451 SAC Building
800 Lancaster Ave.
Villanova PA 19085
Interior Spaces: Augustine and the Mystical Tradition
Dr. James Wetzel, Villanova University
Dr. Kevin Hughes, Villanova University
Fr. Allan Fitzgerald, O.S.A. and Dr. Bernard
Augustine, the Resurrection of the Body, and the World to Come
Dr. Jonathan Yates and Fr. Francis Caponi, O.S.A.
An Intensive Seminar on the Thought and Impact of Augustine of Hippo
Augustine Comments on the Gospel of John
Fr. Allan Fitzgerald, O.S.A. Professor, Villanova University
Augustine Considers the Trinity
Dr. Johannes Brachtendorf Eberhard Karls Universität, Tübingen, Germany
This seminar is designed for graduate credit, continuing education units, audit, non-credit enrichment; a preparatory reading list will be supplied. For credit, along with the ten class sessions, requirements will include two evening sessions and a research paper to be completed within three months.
Augustine in the World
A Joint Seminar with Eric Gregory, Princeton University and Charles Mathewes, University of Virginia
How Augustine Reads the Old Testament
Michael Cameron, University of Portland
Description: This course will track the development of Augustine’s understanding of the Bible and practice of reading the Old Testament during the first era of his Christian life, 386-400. The era falls into three periods: 1) the time of his conversion and early work as an at-large lay religious philosopher and author (386-391); 2) the time of his work as a priest and preacher to converts and bishops (391-396); and 3) the time of his first years as bishop of Hippo (396-400). This period covers many fronts in his developing understanding of Scripture: the dispute with Manicheeism over the status of the Old Testament; early endeavors to understand the different senses of Scripture; immersion in the work of ministry and its demand for biblical preaching; an intensive re-reading of the Psalms with the help of St Paul; articulation of the hermeneutics of love in his interpretation manual, 'On Christian Teaching' (De doctrina christiana); exploration of prophecy fulfillment in Christ and Church as Scripture's center in the treatise 'Answer to Faustus' (Contra Faustum). By the end of this period Augustine has stabilized his understanding of interpretation, and settled into the hermeneutic framework that would serve him for three decades as a prolific preacher and writer.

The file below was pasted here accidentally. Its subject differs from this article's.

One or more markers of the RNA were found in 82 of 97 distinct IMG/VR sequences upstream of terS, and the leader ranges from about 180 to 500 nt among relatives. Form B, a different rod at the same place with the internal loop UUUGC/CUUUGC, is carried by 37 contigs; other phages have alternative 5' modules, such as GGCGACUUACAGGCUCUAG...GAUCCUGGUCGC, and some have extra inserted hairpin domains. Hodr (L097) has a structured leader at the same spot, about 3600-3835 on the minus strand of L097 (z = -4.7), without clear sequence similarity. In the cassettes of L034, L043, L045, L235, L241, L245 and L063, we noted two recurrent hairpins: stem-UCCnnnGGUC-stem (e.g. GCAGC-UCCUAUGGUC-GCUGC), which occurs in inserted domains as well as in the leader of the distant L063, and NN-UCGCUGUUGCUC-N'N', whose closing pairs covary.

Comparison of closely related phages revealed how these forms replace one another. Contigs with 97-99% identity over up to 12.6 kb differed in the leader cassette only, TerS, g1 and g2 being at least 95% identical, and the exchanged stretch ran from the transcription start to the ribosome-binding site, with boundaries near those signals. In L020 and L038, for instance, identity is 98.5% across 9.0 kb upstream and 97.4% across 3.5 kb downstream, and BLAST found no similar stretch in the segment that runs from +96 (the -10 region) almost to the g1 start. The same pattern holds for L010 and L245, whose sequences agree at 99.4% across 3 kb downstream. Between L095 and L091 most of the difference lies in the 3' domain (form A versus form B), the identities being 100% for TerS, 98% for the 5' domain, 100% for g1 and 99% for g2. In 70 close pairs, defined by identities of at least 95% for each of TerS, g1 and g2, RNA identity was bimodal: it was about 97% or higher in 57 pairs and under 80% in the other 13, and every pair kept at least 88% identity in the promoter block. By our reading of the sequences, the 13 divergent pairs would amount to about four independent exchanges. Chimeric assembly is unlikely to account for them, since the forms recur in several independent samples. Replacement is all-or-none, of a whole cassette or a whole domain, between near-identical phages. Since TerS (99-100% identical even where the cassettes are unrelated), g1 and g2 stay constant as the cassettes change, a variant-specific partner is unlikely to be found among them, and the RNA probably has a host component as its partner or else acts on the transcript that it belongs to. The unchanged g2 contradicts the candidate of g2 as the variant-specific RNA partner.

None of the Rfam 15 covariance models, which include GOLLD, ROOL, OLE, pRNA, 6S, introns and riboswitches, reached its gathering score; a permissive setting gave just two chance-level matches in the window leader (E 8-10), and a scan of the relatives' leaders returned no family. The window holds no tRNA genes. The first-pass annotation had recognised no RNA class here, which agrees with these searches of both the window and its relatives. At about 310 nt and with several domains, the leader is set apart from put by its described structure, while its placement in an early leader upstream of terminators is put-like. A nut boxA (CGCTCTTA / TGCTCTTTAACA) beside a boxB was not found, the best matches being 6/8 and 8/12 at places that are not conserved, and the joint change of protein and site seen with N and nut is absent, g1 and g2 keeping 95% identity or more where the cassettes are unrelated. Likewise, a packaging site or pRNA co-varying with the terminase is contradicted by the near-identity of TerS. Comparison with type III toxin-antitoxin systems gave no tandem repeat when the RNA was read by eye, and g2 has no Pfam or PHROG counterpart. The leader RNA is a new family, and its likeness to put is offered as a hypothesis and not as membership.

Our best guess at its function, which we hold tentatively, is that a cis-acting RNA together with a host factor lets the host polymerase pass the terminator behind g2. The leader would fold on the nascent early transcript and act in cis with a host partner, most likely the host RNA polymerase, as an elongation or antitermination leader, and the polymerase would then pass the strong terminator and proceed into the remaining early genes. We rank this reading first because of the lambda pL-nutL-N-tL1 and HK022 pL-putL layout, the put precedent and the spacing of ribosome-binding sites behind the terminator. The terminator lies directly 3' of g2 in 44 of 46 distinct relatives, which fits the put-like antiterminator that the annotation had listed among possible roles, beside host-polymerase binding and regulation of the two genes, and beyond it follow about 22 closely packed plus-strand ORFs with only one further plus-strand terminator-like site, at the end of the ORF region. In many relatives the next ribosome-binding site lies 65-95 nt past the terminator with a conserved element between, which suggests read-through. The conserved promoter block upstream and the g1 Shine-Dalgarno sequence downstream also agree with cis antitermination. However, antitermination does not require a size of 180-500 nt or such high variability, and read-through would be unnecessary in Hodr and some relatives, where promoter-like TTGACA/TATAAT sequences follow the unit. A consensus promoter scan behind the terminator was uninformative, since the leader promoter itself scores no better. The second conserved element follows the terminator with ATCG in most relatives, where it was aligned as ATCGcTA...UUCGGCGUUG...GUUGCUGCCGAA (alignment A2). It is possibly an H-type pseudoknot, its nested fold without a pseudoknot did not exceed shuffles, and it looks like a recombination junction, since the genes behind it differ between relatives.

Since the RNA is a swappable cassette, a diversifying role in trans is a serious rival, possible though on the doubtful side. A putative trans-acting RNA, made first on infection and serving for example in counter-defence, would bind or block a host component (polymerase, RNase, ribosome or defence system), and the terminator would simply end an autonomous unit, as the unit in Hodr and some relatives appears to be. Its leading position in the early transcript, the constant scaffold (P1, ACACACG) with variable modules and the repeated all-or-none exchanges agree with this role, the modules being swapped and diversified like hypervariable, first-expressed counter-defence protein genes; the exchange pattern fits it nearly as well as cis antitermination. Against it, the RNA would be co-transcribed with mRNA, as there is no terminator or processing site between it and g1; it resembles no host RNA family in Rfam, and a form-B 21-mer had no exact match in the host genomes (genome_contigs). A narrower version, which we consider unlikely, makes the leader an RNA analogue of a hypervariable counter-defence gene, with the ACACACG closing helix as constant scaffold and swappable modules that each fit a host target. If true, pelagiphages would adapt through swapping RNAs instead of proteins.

Augustine and Paul
Thomas F. Martin, O.S.A., Villanova University
Description: This seminar will be a concise overview of Augustine’s Paulinism: his reading and interpretation of the writings of the Apostle Paul; the theological impact of Paul upon Augustine, especially as reflected in his controversies with the Manichees, the Donatists, and the Pelagians; Augustine’s encounter with Paul as a model of grace, conversion, and Christian living; Augustine’s preaching on the Apostle Paul; and finally, the lasting impact, often controversial, that “Augustine’s Paul’ has had on Western Christianity.
Augustine’s engagement with the Apostle Paul spans the entire corpus of his writings, from his very first writing to come down to us, the Contra Academicos, to the final work left unfinished by his death, the Contra Iulianum opus imperfectum. In the 5 million+ words that Augustine has left behind, the presence of Paul as both writer and model is pervasive. Rarely, however, is this Pauline presence isolated from a host of other scriptural texts, complex theological questions and controversies, pastoral concerns and the widest possible perspective that is Augustine’s vision of the Christian life. Except for three specific early attempts at commentaries on Pauline Letters, Romans and Galatians to be exact, it is no exaggeration to say that Paul is virtually everywhere—and this is the challenge in studying Augustine’s Paulinism. In order to appreciate the impact of Paul upon Augustine a range of his writings along with important Pauline topics will be considered. At the end of the seminar some attention will be given to the reception of Augustine’s Paulinism over the centuries.
Augustine on the Church
Robert Dodaro, O.S.A., Augustinianum, Rome
Course Description: In a series of lectures as well as discussions with participants, this course will treat the major themes of St Augustine of Hippo’s reflections on the theological nature, structure and functions of the Church. Attention will be given both to the historical context of Augustine’s teaching and to the interface between his teachings and contemporary theological discussions about the Church. Augustine’s treatment of the theme “the integral Christ” (Christus totus) will be presented as his key image in relation to the Church, underscoring the essential connection in his thought between Christ, the Church and the believer. Background reading from the bibliography provided by the instructor is encouraged in advance of the beginning of the course. Passages from Augustine’s writings in English translation will be supplied for some of the classes. Course participants are encouraged to raise issues for discussion.
Augustine as Trinitarian Theologian
Lewis Ayres, Candler School of Theology, Emory University